Students are an important part of CIPR’s work, whether they are conducting independent research, working on faculty projects, participating in internships, engaging with campus and community members, or applying their education, skills, and training to other projects.


Student Groups

The DU Immigrant and Refugee Rights (Colectivo) is a CIPR-affiliated, student-led group that engages in research, education, advocacy, and allyship around immigration issues. The Colectivo also runs a research digest featuring work by students, faculty, and community partners. See their page here. To get involved, please email and put Colectivo in the subject line.

Contact DU IRRC

Research Digest

We publish 2-3 research digests per year featuring student work, faculty research, community collaborations, resources, and opportunities both at DU and in the community. The Digest is disseminated via our email list and mailer.

Check Out Our 2024 Spring Research Digest

Student Summer Research

As part of our mission, we aim to support undergraduate, graduate, and law students engaging in research and internship experiences related to migration. In 2022, we launched the Student Summer Research and Internship (SSRI) grants for students participating in research, applied work, and internship opportunities related to migration.

The inaugural cohort of grantees received up to $2,000 in support of the following projects:

  • Naiyear Khajavei, PhD Student, Graduate School of Professional Psychology / International Disaster Psychology, Chaska
    • Chaska works with young girls in Peru to interrupt the cycle of poverty and provide additional resources for girls from low SES homes to pursue educational and career goals. Many of the girls attending this program have migrated from rural mountain villages throughout Peru, to the larger city of Cusco. The internship entailed investigating mental health impacts of this migration and building systems to include parents from different rural villages in the program.


  • Lydia Mathis, PhD Student, Graduate School of Professional Psychology / International Disaster Psychology, Hope Partners International
    • The community served by this internship is a settling point for Nicaraguan refugees. The community was founded by refugees from Nicaragua as the pandemic has caused an increase in migration back and forth. Hope Partners International provides under-resourced families with long term educational support and a feeding program for children.


  • Ping Robert, PhD Candidate, Educational Leadership and Policy Studies, Morgridge College of Education, “A Phenomenological Study of International Doctoral Students’ Experiences in Educational Administration Programs in the U.S.”
    • This project investigates international doctoral students in the Educational Administration programs in the U.S. International students in higher education are usually minoritized and racialized and the foreign affairs policies may affect this vulnerable community at any time. I aim to study them and make recommendations for programs and colleges in the U.S. when they recruit international students.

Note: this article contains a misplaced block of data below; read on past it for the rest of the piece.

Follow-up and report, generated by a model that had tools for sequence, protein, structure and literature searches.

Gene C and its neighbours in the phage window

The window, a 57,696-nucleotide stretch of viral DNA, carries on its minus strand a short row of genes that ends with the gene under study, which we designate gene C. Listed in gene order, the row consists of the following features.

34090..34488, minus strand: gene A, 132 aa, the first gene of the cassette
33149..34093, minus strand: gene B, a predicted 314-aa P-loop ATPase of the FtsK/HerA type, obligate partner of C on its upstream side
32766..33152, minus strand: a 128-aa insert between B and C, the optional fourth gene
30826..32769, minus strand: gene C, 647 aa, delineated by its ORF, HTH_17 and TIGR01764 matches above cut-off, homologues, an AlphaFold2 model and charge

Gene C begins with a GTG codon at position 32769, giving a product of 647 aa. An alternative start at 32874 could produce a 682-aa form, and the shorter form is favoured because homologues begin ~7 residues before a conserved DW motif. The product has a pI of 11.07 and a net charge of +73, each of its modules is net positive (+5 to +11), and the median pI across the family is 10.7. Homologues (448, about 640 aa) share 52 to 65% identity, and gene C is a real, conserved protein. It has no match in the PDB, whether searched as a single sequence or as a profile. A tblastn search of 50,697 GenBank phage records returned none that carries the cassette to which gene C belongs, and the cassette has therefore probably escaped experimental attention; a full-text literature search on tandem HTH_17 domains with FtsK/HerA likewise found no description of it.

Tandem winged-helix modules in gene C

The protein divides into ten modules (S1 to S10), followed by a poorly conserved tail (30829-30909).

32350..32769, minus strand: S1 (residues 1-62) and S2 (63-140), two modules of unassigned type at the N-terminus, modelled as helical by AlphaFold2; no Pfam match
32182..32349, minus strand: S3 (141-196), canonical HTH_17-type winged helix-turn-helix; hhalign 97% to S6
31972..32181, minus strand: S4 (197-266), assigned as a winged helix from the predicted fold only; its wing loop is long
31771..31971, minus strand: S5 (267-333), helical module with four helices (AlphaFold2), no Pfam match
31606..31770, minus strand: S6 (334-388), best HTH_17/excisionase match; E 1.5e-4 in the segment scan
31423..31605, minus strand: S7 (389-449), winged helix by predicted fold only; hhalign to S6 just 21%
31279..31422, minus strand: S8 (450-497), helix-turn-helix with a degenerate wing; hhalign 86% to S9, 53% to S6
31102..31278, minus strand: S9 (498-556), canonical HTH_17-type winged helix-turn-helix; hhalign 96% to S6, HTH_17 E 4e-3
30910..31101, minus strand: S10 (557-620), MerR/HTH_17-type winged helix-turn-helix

• Brenda Semerenko, M.A. Student, International Development/Humanitarian Assistance Certificate, Korbel, Young African Refugees for Integral Development
    • The organization I interned for this summer is called Young African Refugees for Integral Development (YARID), based in Kampala, Uganda. The organization provides services and programs aimed at empowering refugees from Burundi, Rwanda, and the Democratic Republic of Congo.


  • Becky David-Hensley, PhD candidate, Iliff School of Theology, “Striving Toward Racial Solidarity in a Culture of White Christianity: Multi-Race + Multi-Faith Organizing in Texas”
    • I am interviewing community organizers in both Dallas/North Texas and the Rio Grande Valley border region of Texas about their work in the areas of immigration and incarceration reform. I hope to learn more about how whiteness and White Christianity shows up in multi-race and multi-faith organizing efforts for racial justice (how whiteness impacts these movements, as well as how White Christians are impacted by the work of such movements). Ultimately, I hope this project provides guidance for White Christians to engage in more ethically and culturally responsible forms of activism in the areas of immigration and incarceration reform/abolition.



Student Showcase

CIPR provides a forum for students to present their work. As part of our end-of-year showcase, Student Summer Research and Internship grant recipients present their research findings, internship highlights, or policy briefs. For example, students in Professor Lisa Martinez’s Deportation Nation class create 2-minute videos addressing different aspects of immigration:

The Crimmigration System by Angy Martinez and Mia Payne

The Myth of Immigrant Criminality by Ila Dovre Wudali and Ailis Shank-Root

Climate Migrants by Lily Fowler and Grace Tabet